Lamia al-Ghamdi was admitted to hospital on December 25, 2011 with multiple injuries, including a crushed skull, broken ribs and left arm, extensive bruising and burns, the activists said. She died last October 22. Fayhan al-Ghamdi, an Islamic preacher and regular guest on Muslim television networks, confessed to having used cables and a cane to inflict the injuries. The father had doubted Lama’s virginity and had her checked up by a medic.
Randa al-Kaleeb, a social worker from the hospital where Lama was admitted, said the girl’s back was broken and that she had been raped ‘everywhere’, according to the group.
According to the victim’s mother, hospital staff told her that her ‘child’s rectum had been torn open and the abuser had attempted to burn it closed’. The activists said that the judge had ruled the prosecution could only seek blood money (compensation for the next of kin under Islamic law) and the time the defendant had served in prison since Lama’s death suffices as punishment.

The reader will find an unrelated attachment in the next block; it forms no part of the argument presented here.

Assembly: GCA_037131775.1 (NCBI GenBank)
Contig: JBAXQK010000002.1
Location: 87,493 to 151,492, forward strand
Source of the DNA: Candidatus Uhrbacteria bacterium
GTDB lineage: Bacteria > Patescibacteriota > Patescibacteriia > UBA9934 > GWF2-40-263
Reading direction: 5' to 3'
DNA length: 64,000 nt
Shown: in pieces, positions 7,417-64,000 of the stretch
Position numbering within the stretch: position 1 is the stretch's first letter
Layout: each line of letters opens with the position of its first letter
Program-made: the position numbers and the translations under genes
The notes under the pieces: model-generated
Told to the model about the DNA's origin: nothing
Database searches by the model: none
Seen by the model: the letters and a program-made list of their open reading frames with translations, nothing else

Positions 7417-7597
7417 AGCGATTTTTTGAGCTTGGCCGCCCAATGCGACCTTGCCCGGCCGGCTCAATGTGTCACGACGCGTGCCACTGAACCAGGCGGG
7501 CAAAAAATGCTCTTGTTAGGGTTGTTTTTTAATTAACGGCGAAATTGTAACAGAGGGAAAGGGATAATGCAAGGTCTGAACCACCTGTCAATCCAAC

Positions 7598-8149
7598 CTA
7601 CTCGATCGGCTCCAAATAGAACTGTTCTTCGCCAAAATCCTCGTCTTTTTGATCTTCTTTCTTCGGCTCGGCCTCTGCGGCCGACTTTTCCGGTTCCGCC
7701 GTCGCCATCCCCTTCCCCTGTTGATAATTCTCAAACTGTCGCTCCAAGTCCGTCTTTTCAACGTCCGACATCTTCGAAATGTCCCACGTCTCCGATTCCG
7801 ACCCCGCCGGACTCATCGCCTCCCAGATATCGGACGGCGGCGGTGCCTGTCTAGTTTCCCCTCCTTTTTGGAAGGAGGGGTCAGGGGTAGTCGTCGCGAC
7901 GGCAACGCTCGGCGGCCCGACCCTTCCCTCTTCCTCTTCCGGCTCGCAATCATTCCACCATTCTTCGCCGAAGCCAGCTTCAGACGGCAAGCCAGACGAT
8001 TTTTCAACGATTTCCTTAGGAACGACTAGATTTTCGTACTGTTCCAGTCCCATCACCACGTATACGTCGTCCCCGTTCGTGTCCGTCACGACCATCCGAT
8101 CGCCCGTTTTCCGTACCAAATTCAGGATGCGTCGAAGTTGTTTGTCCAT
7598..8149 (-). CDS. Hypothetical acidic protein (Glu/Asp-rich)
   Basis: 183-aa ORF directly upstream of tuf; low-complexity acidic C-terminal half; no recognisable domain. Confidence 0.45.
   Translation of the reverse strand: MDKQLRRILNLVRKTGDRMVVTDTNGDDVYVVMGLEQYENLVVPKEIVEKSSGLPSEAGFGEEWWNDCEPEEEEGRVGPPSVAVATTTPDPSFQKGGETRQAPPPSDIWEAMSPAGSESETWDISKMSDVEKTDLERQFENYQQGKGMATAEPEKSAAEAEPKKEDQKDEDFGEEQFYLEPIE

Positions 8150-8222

Fayhan was made to pay $50,000 (Rs 26.5 lakh) to avoid a death sentence. Three Saudi activists, including Manal al-Sharif, have raised objections to the ruling. The ruling is based on Islamic laws that a father cannot be executed for murdering his children, nor can husbands be executed for murdering their wives, activists said.